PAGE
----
Kim Jong-un does not trust either China or the United States. He talks to both in order to make sure that Washington and Beijing do not end up defining a mutual strategy on Northeast Asia that excludes North Korean interests.

By keeping them away from the Peninsula, and striving for an “abnormal equilibrium” in which a nuclear North Korea coexists and cooperates with South Korea, the leaders in Seoul and Pyongyang are seeking to guarantee peace and stability on both sides of the border while sidelining – to the extent that it is possible – their two major external allies, whose respective interests do not necessarily match those of the two Koreas.

Achieving a compromise on the Korean Peninsula is not going to be easy. The stakes are high, and differently from the past, Pyongyang is not going to assume a remissive position. Until a couple of weeks ago, it seemed evident that it would have been up to the United States to set the terms of the negotiations, proposing a satisfying mixture of economic and technology transfers in exchange for denuclearization. But since Kim Jong-un met Xi Jinping in China, the strategic setting has changed again. By reengaging Beijing in the negotiations, Pyongyang has further increased its leverage and challenged Washington’s preeminence in the region. As a consequence, the ball is now back in Seoul’s court.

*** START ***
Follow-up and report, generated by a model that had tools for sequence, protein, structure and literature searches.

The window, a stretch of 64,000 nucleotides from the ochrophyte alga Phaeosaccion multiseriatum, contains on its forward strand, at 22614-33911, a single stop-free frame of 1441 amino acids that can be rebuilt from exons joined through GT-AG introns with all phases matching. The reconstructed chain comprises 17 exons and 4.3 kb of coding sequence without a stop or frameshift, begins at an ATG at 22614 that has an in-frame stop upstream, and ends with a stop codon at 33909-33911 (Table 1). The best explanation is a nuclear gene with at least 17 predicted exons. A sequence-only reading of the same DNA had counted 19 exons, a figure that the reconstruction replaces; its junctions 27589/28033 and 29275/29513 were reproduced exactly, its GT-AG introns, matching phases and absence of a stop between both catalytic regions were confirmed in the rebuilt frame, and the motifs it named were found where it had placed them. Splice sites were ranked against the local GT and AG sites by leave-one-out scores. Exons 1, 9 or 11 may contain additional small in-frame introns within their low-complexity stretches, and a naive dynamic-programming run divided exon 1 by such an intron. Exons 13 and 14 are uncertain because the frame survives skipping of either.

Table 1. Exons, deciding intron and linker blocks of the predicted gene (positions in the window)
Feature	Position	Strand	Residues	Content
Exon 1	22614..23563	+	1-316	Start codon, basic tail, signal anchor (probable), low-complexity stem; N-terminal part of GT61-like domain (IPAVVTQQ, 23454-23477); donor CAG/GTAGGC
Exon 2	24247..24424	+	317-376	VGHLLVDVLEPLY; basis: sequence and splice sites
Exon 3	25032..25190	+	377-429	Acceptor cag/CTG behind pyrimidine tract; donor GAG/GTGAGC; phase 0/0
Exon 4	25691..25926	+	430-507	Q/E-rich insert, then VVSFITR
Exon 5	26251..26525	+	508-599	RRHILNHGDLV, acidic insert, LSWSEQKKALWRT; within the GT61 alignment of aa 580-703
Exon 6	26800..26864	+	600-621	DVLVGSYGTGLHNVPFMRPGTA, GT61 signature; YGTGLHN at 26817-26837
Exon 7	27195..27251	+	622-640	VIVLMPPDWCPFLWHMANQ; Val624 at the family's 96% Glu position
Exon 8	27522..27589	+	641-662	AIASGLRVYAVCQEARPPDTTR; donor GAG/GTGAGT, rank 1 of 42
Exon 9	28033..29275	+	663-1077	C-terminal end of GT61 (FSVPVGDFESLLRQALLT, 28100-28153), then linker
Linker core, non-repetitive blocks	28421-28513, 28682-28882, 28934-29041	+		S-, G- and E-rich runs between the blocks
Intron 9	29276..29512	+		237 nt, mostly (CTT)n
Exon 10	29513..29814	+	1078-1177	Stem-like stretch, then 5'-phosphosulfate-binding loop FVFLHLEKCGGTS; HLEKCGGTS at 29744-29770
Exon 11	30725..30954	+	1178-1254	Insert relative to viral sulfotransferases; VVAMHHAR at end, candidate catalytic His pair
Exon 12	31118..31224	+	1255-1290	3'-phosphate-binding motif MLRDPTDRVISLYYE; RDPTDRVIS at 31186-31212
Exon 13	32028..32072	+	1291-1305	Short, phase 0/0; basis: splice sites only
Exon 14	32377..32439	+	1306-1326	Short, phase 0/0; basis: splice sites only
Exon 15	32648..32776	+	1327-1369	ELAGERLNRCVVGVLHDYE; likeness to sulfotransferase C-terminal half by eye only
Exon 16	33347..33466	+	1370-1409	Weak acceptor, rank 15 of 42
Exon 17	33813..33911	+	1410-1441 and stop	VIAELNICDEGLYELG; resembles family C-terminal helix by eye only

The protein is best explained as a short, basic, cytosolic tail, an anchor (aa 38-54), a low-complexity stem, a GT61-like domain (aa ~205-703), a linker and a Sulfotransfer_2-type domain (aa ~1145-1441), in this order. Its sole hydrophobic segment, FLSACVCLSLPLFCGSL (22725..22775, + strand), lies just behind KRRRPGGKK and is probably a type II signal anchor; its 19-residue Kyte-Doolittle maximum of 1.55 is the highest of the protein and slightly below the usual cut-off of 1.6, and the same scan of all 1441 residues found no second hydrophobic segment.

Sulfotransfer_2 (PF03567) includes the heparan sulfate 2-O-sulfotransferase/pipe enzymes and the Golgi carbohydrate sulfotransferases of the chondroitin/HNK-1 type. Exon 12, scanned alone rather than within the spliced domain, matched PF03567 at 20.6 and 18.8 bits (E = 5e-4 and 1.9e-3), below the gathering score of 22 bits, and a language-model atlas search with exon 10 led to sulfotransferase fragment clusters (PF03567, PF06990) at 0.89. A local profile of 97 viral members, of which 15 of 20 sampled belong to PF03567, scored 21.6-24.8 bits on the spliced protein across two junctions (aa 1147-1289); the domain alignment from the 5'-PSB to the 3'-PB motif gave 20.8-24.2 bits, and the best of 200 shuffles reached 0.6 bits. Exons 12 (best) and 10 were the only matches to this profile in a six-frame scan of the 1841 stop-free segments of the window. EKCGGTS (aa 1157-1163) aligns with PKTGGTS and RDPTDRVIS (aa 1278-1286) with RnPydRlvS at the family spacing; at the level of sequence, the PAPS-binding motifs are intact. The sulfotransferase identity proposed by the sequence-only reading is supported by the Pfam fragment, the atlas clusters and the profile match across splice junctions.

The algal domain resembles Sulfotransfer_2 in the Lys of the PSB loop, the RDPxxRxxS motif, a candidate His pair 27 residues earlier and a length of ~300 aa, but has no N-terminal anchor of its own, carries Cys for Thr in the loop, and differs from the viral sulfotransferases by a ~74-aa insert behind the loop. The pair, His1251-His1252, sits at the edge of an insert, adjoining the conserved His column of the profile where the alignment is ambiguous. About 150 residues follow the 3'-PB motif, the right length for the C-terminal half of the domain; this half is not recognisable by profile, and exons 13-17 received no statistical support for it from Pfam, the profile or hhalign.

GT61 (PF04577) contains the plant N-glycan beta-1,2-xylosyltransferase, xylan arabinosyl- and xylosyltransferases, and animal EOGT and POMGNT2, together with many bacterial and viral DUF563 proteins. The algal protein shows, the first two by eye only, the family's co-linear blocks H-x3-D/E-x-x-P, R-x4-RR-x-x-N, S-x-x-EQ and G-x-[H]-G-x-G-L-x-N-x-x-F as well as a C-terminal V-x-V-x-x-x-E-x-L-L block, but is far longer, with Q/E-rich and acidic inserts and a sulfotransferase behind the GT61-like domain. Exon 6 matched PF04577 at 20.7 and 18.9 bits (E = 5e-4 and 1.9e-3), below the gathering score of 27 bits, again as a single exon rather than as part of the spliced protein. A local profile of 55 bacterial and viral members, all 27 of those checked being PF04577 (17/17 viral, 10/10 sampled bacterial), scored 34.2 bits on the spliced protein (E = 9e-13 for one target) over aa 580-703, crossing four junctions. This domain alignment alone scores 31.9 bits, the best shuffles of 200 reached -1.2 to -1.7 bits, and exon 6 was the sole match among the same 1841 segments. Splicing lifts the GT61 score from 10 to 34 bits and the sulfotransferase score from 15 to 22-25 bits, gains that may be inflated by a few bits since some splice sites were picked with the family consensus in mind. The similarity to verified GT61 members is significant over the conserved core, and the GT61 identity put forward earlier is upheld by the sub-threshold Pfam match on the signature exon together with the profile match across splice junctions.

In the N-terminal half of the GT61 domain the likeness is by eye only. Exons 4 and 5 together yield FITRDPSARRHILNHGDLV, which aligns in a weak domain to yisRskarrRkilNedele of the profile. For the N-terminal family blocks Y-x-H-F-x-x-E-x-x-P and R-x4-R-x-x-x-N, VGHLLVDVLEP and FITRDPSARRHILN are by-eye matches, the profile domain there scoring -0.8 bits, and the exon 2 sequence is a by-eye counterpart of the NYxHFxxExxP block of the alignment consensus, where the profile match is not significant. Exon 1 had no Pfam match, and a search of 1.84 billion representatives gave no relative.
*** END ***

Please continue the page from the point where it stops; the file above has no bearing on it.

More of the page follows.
South Korea is probably the only country with the expertise and the genuine commitment to set the terms of a realistic and sustainable agreement with the North. If a roadmap for peace will be defined during the forthcoming meeting between Kim Jong-un and Moon Jae-in it means that stability is really on the horizon for the Korean Peninsula. It will then be up to Donald Trump and Xi Jinping to validate and support such a roadmap, yet the key impetus for such movement will have come from North and South Korea, not the great powers of the US and China. This dynamic, may itself reflect the changing nature of the international system and could indicate some hope that a genuine breakthrough is on the horizon.

* Claudia Astarita is a non-resident Fellow at the Asia Institute, The University of Melbourne. She is also Lecturer at SciencesPo, Le Havre Campus.

[1] Alanne Orjoux and Steve George, “Kim Jong Un Offers Rare Olive Branch to South Korea”, in CNN, 2 January 2018,

[2] Author’s interview at Asan Institute for Political Studies, Seoul, 20 March 2018.

[3] Author’s interview at South Korean Ministry of Foreign Affairs, Seoul, 19 March 2018.

[4] Author’s interview at South Korean Ministry of Unification, Seoul, 21 March 2018.

[5] Ibid.

[6] Author’s interview with a South Korean scholar based at Sogang University, Seoul, 21 March 2018.

[7] Author’s interview at South Korean Ministry of Defence, Seoul, 23 March 2018.

[8] Author’s interview at South Korean Ministry of Unification, Seoul, 21 March 2018.

[9] Author’s interview at South Korean Ministry of Foreign Affairs, Seoul, 19 March 2018.

[10] Author’s interview at South Korean Ministry of Defence, Seoul, 23 March 2018.